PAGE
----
My passion for music goes way back to when I was in elementary school. Some of my fondest memories are jamming out in the car with my mom to popular songs at the time. Back in 2008, one of the leading albums of the year was P!nk’s Funhouse. The album peaked number 2 on the Billboard top 200 and was spawn to multiple hit singles like So What, Sober, and Please Don’t Leave Me. I remember hearing her songs on the radio, but not thinking much of them. At that time, I had not known how eminent she truly was.
Fastforward to August 27th of this year, the annual MTA VMAs. Countless talented artists gather from all all over North America to celebrate music and be recognized for their achievements. I specifically remember thinking that P!nk’s performance was especially extraordinary, singing a blend of all her greatest hits in one fluent motion. Later in the evening, she proceeded to receive the highest honor of the night: The Michael Jackson Video Vanguard Award; an accolade presented to an artist corporately (non-annually) that represents lifetime achievement in the music industry, more specifically within highly praised music videos. While recieving the award, P!nk brought to light a topic most public figures aren’t comfortable talking about. Her little girl had been bullied for wanting to dress more masculine in school, and P!nk took the opportunity to present the topic publicly, as she had also faced adversity for branding herself as more masculine. Her speech focused on how androgynous artists such as Michael Jackosn, David Bowie, Freddie Mercury etc. had been discriminated against every day of their lives for just being themselves. This being said, they continued to be successful and didn’t listen to the people trying to put them down.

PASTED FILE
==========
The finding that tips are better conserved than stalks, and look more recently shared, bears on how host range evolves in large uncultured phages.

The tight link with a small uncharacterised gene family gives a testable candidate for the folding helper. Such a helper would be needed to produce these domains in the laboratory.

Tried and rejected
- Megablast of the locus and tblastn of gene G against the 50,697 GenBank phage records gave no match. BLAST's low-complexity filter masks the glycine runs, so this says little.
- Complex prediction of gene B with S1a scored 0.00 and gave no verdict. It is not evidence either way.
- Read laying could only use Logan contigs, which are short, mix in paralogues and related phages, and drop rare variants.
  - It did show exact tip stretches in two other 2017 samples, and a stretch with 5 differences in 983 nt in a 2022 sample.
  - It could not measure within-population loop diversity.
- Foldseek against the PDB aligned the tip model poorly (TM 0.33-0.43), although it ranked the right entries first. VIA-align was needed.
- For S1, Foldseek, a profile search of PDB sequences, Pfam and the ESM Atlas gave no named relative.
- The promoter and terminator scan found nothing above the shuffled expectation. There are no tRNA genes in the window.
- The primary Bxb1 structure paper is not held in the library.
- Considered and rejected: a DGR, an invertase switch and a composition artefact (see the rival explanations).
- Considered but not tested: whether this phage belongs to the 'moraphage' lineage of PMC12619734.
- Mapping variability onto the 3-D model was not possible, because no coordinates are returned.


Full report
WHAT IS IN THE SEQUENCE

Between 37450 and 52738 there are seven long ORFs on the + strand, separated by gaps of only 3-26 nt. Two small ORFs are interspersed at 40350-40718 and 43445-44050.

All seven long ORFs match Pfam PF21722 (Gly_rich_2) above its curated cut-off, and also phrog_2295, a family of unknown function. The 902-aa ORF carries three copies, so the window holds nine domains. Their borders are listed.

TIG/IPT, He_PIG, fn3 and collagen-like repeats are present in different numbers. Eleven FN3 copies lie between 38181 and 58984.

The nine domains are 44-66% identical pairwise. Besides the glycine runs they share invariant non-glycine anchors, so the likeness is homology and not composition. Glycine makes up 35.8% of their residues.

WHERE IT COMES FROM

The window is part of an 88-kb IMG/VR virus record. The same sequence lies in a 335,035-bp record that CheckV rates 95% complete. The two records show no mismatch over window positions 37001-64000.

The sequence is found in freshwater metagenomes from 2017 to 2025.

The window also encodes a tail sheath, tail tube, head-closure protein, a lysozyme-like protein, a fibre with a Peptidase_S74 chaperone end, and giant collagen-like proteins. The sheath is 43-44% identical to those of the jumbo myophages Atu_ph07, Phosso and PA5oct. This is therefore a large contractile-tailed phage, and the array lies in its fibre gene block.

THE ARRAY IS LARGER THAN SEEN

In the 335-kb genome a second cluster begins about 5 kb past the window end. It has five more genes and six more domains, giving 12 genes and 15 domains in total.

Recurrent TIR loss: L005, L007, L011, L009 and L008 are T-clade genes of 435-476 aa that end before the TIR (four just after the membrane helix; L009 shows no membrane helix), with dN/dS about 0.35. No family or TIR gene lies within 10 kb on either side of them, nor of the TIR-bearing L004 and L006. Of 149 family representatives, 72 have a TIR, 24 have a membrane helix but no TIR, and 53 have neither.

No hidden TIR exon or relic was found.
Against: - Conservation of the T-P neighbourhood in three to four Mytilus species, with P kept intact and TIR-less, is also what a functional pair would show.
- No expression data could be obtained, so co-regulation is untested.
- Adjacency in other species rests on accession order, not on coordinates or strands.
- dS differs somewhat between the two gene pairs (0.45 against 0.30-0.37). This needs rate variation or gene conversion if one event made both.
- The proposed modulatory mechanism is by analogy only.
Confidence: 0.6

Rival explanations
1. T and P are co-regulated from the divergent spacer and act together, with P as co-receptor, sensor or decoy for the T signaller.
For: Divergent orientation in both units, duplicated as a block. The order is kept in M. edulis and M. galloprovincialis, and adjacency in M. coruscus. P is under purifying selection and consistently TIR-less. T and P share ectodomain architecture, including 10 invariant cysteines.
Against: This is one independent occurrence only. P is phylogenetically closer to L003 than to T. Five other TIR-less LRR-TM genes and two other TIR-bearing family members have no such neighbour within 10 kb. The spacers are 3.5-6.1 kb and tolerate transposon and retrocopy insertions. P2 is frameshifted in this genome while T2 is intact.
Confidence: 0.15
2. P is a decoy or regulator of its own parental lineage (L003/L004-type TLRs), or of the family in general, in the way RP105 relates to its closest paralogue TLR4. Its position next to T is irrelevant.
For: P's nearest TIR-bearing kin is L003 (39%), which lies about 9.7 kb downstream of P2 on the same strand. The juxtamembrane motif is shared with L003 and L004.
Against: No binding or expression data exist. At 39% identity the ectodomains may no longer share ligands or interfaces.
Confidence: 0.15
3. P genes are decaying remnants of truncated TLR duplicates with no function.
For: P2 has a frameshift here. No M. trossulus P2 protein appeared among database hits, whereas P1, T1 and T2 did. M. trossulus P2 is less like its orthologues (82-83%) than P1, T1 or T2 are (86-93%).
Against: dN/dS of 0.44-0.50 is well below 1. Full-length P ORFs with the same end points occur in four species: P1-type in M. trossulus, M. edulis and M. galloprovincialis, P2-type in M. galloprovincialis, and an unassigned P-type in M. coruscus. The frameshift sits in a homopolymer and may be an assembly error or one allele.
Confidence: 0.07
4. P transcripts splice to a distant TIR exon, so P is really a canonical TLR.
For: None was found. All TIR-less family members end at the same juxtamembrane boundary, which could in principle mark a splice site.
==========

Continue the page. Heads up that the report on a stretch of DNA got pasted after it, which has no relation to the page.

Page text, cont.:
“And that’s what people use when they talk about me. They say that I look like a boy; that I’m too masculine, or that my hair is too short, or I have too many opinions, or my body is too strong. I said to her: ‘do you see me growing my hair?’ she said ‘no mama.’ I said ‘do you see me changing my body?’ ‘no mama.’ ‘do you see me changing the way I present myself?’ ‘no mama.’ ‘do you see me selling out arenas all over the world?’ ‘yes mama.'” P!nk at MTV VMA’s 2017. (source)
Even though in the beginning I was hesitant about choosing P!nk as my eminent person, I definitely think that this is the right choice over all. She is such an empowering woman, and she only gets more interesting the more I research. In terms of barriers between herself and I, she definitely has faces tons of adversity for how she presents herself (verbal harassment, threats etc.), and I have never faced discrimination as overwhelming as that. However, we are both women of a similar upbringing and privilege, so I do not think this will be an issue during night of the notables.
Yes, I’d like to see myself lead a similar path that she has. I don’t necessarily want to be famous, but I want to speak out about things that matter to me and spread messages worth spreading. I think that P!nk has taken advantage of her popularity in the best way by doing just that. My mission statement for life, if you will, is to inspire people to be the best they can be and spread happiness. A prime obstacle to achieving this eminence will be trying not to acknowledge the people that are skeptical of what I’m doing and judge and put down every one of my moves. I tend to care a lot about what people think, which has not worked out in my favor. I need to learn how to trust myself and stop depending on other people so much, and I hope this project will lead me in the right direction to start doing that.
In the end, I hope to represent P!nk’s positive and empowering personality through this project. I will try my hardest so that my presentation of her does her justice, as she does deserve to be honored and remembered as eminent.